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Asthma in Pregnancy

What is asthma?

Asthma, one of the most common medical conditions affecting pregnant women, is a chronic respiratory condition caused by inflammation and swelling of the lower respiratory tract. When we breathe, air enters through our mouth or nose and travels through the respiratory tract to reach the lungs where gas exchange happens. However, in individuals with asthma, their narrowed airways mean airflow is restricted, resulting in breathing difficulties. 

If you are pregnant and your asthma is well-controlled, your risk of pregnancy complications is not significantly increased. However, pregnant women with uncontrolled asthma will have an increased risk of pregnancy complications. Uncontrolled asthma means that there is a reduction in the amount of oxygen in your blood, which leads to your baby not receiving enough oxygen.


How does asthma affect pregnancy?

When someone has an asthma attack, their airways are narrowed and hence less oxygen is present in their blood. This lack of oxygen means that the baby is not getting sufficient oxygen.

Uncontrolled asthma can have the following pregnancy complications:

  • Premature birth
  • Low birth weight of baby
  • High blood pressure
  • Preeclampsia 
  • Stillbirth

If you have asthma, ensure that it is well-controlled so that you reduce your risk of pregnancy complications.


How is asthma controlled or monitored during pregnancy?

A study conducted in 2020 showed that during pregnancy, 1/3 of women reported improved asthma, 1/3 experienced exacerbated asthma, while the last 1/3 reported no change in asthma [1]. While pregnant with asthma, you will have a team of specialists to guide you through this journey with the main aim of keeping your asthma under control and giving you an uncomplicated pregnancy. 

Your team of specialists will work to achieve the following things:

  • Good control of your asthma symptoms throughout the day
  • Ensure good lung function
  • Able to participate in normal day-to-day activities
  • Prevent asthma attacks

Your lungs will also be carefully monitored during your antenatal care  and your asthma medication may have to be adjusted. Always keep your obstetrician updated about your symptoms – improving or worsening. 

There are also additional things you can practice by yourself to prevent your asthma from worsening, these are:

  • Get the flu vaccine. Being infected with the flu can increase your risk of worsening asthma symptoms, so the flu vaccine will give you some protection.

Eat small meals and do not lie down immediately after eating to prevent heartburn and acid reflux. Heartburn and acid reflux increases when you are pregnant which can worsen your asthma symptoms.

What are the causes of asthma?

Despite the years of research, the exact cause of asthma is still unknown and poorly understood. 

There are, however, various triggers that are known to cause asthma attacks, these are:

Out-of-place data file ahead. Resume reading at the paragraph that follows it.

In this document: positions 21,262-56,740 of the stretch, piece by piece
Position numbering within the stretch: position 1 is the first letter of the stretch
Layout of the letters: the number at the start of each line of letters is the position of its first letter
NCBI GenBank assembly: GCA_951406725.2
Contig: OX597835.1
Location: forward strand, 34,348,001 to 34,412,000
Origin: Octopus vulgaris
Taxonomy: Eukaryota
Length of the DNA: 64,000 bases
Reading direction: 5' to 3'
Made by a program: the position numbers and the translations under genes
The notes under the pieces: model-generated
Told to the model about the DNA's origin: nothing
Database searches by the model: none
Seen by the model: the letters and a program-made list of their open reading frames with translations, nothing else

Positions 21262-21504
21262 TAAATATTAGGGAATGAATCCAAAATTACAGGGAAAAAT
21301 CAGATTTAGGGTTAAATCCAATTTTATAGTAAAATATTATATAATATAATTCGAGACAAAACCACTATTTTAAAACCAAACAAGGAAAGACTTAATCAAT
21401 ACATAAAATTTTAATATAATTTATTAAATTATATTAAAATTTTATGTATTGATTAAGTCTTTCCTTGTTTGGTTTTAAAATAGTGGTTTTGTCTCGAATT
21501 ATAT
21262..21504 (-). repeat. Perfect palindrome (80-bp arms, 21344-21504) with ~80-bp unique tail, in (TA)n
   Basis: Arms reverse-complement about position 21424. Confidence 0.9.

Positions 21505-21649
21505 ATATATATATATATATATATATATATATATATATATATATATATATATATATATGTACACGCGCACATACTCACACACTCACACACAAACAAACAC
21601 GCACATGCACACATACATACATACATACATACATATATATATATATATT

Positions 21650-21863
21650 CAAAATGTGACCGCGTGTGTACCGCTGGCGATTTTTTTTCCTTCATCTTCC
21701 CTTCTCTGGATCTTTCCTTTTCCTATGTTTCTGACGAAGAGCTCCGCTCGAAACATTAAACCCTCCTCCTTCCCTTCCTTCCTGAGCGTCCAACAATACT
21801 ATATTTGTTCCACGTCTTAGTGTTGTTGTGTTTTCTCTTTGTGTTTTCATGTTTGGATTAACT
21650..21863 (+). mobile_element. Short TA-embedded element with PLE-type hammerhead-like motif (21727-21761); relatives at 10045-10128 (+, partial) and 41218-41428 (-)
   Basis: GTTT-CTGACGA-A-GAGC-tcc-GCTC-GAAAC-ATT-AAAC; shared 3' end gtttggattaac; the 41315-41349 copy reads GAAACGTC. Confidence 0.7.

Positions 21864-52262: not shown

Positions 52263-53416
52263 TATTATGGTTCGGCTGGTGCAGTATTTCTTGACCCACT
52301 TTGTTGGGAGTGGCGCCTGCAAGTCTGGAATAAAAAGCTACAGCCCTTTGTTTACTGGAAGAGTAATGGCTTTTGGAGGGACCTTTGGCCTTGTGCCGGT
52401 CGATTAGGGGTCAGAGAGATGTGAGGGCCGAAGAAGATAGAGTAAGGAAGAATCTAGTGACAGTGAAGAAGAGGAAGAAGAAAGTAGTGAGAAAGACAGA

Regardless of what triggers an asthma attack, it is the excessive reaction of the immune system that ultimately results in an asthma attack. Therefore, if you avoid the trigger of your asthma, you can reduce its rate and severity of occurrence. 

What are the symptoms of asthma?

The symptoms of asthma are as follows:

  • Coughing: you might experience more coughing at night or in the morning, usually when the air is cooler.
  • Shortness of breath: if your airways are narrowed, you will find it difficult to breathe, resulting in shortness of breath.
  • Wheezing: a whistling sound that occurs when you breathe.
  • Chest tightness: when your airways narrow and constrict, you might experience some chest tightness.

If you experience any of these symptoms while pregnant, inform your team of specialists (link to contact us) immediately so that early intervention and treatment can begin to prevent complications and ensure that your baby is receiving sufficient oxygen.


What are the risk factors that worsen your asthma during pregnancy?

There are certain factors that may worsen your asthma during pregnancy, these are:

  • Allergens or irritants: your asthma may worsen during pregnancy if you have allergies.
  • Infections: some respiratory infections like the flu can damage your lungs and exacerbate your asthma.
  • Environmental factors: exposure to certain environmental factors may worsen your asthma symptoms.
  • Exercise: strenuous exercise can worsen your asthma during pregnancy.

How is asthma treated during pregnancy?

Your asthma treatment must continue despite being pregnant as it is important to keep your asthma under control. The medicines used to treat asthma in general are safe in pregnancy. This includes reliever inhalers; preventer inhalers; long-acting and combined relievers; and if necessary steroid (prednisolone) tablets. It is important to discuss with your team of specialists on the best treatment for you during pregnancy.

Frequently asked questions

  1. Can asthma during pregnancy cause birth defects?
    Uncontrolled asthma during pregnancy can increase the risks of premature birth and low birth weight of your baby, but there are no indications that asthma contributes to birth defects.
  2. Can I still have a vaginal delivery (link to service page) with asthma?
    Yes, if your asthma is well-controlled and monitored you can have an uncomplicated and healthy pregnancy and have a vaginal delivery. 


Huijie Wang, N. L. (2020). Asthma in Pregnancy: Pathophysiology, Diagnosis, Whole-Course Management, and Medication Safety. Canadian Respiratory Journal.


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#09-08 Mount Elizabeth Medical Centre
Singapore 228510

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